So the Spurs have more players that they’ve drafted on their roster of 15, whereas Miami has more players that they’ve acquired via free agency.  Let’s quickly look at Miami’s recent draft history, working backwards from 2012 when they traded Arnett Moultrie to Philadelphia: Norris Cole (acquired), Latavious Williams (traded away), Da’Sean Butler (acquired), Jarvis Varnado (acquired), Dexter Pittman (acquired), Robert Dozier, Marcus Thornton (acquired then traded away), Darnell Jackson (acquired then traded away), Michael Beasley, Stanko Barac (acquired then traded away), Jason Smith (traded away), Wayne Simien, Matt Freije, Pape Sow (traded away), Dorell Wright, Jerome Beasley, Dwyane Wade, Rasual Butler, Caron Butler.

That brings us back to 2002.  Not exactly a cast of stars there, although Miami hasn’t tended to draft for itself.

The key difference between the teams is the fact that Miami traded for 4 of its current roster, the Spurs traded for 3.  Other players have arrived at the teams by means which could be described as “building”.  In particular, two of those trades – for LeBron James and Chris Bosh – are the two that lend themselves to the “built vs bought” narrative.

In truth, this isn’t a battle of built vs bought.  No NBA matchup is.  A more accurate portrayal of the series is that it is the battle of team hoops against individual hoops.  The Spurs are the classic “greater than the sum of its parts” team.  The Heat are the classic “star power” team.  Right now, the Spurs are edging it.

Kawhi is back, Mario still missing

A career high 29 points from Kawhi Leonard led the Spurs to an initially-emphatic, latterly-narrow victory over the Miami Heat in game 3 as the Spurs reclaimed home court advantage.

Miami were by no means awful offensively this game, scoring exactly 25 points in each of the first three quarters before a less-than-stellar 17 in the final period where the Spurs outscored them by 8.  Given the margin of victory was nineteen points, it’s fair to say that despite the 41 point explosion in the first quarter – part of a first half that saw the Spurs hit 76% of their shots (ALL shots) – the Heat were still in this game and had it back at a 10 point deficit in the 4th.  The Spurs, however, were able to counter and push their lead back towards 20.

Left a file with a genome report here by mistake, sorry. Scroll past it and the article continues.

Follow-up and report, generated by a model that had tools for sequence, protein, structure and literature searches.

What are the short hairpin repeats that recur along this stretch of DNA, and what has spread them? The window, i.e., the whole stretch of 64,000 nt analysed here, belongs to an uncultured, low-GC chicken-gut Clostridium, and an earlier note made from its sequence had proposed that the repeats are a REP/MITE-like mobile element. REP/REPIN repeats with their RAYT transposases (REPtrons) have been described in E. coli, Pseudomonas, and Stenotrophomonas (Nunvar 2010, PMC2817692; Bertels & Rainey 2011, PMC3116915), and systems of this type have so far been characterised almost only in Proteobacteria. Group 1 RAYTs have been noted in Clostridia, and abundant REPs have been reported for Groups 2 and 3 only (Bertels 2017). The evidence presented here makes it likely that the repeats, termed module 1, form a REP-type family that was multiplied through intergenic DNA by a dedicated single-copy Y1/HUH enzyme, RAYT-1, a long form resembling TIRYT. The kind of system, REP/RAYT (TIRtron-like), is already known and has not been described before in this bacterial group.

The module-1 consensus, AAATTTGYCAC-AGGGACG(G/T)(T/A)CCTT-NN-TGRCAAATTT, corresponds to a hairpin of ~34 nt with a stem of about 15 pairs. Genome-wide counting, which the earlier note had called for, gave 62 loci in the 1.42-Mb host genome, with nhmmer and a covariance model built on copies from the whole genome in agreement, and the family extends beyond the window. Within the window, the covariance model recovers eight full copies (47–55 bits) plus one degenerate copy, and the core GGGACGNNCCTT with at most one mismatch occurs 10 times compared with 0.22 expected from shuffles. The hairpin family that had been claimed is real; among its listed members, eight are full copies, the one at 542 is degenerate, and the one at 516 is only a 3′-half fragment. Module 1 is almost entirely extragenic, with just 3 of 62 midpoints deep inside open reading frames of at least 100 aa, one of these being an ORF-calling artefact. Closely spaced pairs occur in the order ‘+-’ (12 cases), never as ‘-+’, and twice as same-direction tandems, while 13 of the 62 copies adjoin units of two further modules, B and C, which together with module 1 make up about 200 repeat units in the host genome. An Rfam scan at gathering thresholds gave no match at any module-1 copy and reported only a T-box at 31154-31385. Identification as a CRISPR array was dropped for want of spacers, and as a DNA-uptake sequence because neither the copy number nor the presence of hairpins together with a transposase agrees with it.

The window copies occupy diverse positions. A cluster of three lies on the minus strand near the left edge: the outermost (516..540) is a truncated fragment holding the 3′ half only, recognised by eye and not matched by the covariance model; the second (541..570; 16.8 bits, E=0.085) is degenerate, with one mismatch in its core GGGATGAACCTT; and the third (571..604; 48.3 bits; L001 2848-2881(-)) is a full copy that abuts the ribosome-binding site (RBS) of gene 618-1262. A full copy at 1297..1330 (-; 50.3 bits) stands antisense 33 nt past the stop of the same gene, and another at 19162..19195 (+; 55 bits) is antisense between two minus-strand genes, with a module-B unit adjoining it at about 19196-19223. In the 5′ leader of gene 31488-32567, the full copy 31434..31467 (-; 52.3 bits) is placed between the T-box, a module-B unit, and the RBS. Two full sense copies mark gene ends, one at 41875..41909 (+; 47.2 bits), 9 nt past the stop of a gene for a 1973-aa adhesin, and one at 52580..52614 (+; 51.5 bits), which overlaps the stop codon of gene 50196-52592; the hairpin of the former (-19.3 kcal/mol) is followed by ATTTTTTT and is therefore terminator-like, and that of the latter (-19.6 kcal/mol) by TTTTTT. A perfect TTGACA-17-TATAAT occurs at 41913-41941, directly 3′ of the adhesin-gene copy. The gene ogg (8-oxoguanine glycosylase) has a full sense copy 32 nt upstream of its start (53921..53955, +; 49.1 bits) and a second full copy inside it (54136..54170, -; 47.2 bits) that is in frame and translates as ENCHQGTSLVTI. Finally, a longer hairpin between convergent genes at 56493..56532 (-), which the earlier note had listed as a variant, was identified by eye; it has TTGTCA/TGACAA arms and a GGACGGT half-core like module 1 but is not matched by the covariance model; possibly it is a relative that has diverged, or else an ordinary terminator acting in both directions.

Leonard was sensational, going 10-13 for a plus/minus of +19.  Given his average performances, hindered by foul trouble, in the first two games, the trip to Miami seems to have revitalized someone who was expected to the the Spurs x-factor these finals.  He is the youngest player to score 29 in the NBA finals since Kobe Bryant.

Leonard is one of the most intensely likable players in the NBA at the moment.  Off the top of your head and using your most irrational frame of mind, come up with a reason not to like him.  Go on…I’ll wait…

Done? Nothing? Thought not.  Leonard has overcome tremendous personal tragedy to succeed at the highest level and is in the frame for perhaps the toughest job in basketball – succeeding Tim Duncan as the face of the San Antonio Spurs.  In 2008, at the age of 16, his father was murdered at the car wash he ran, where Kawhi used to work during his summers.  Despite his huge hands and athletic frame, he was under appreciated coming out of high school and ended up at the relatively obscure San Diego State.  Basketball became his distraction.  He practiced.  He lifted.  He got bigger – often playing the 5 for the Aztecs.  He worked on his shot – and has continued to do so; he was only a 29% three point shooter in college.  He now shoots almost 50% from the corner, 40% overall, from behind the arc.

Last night he reminded everyone what he is capable of.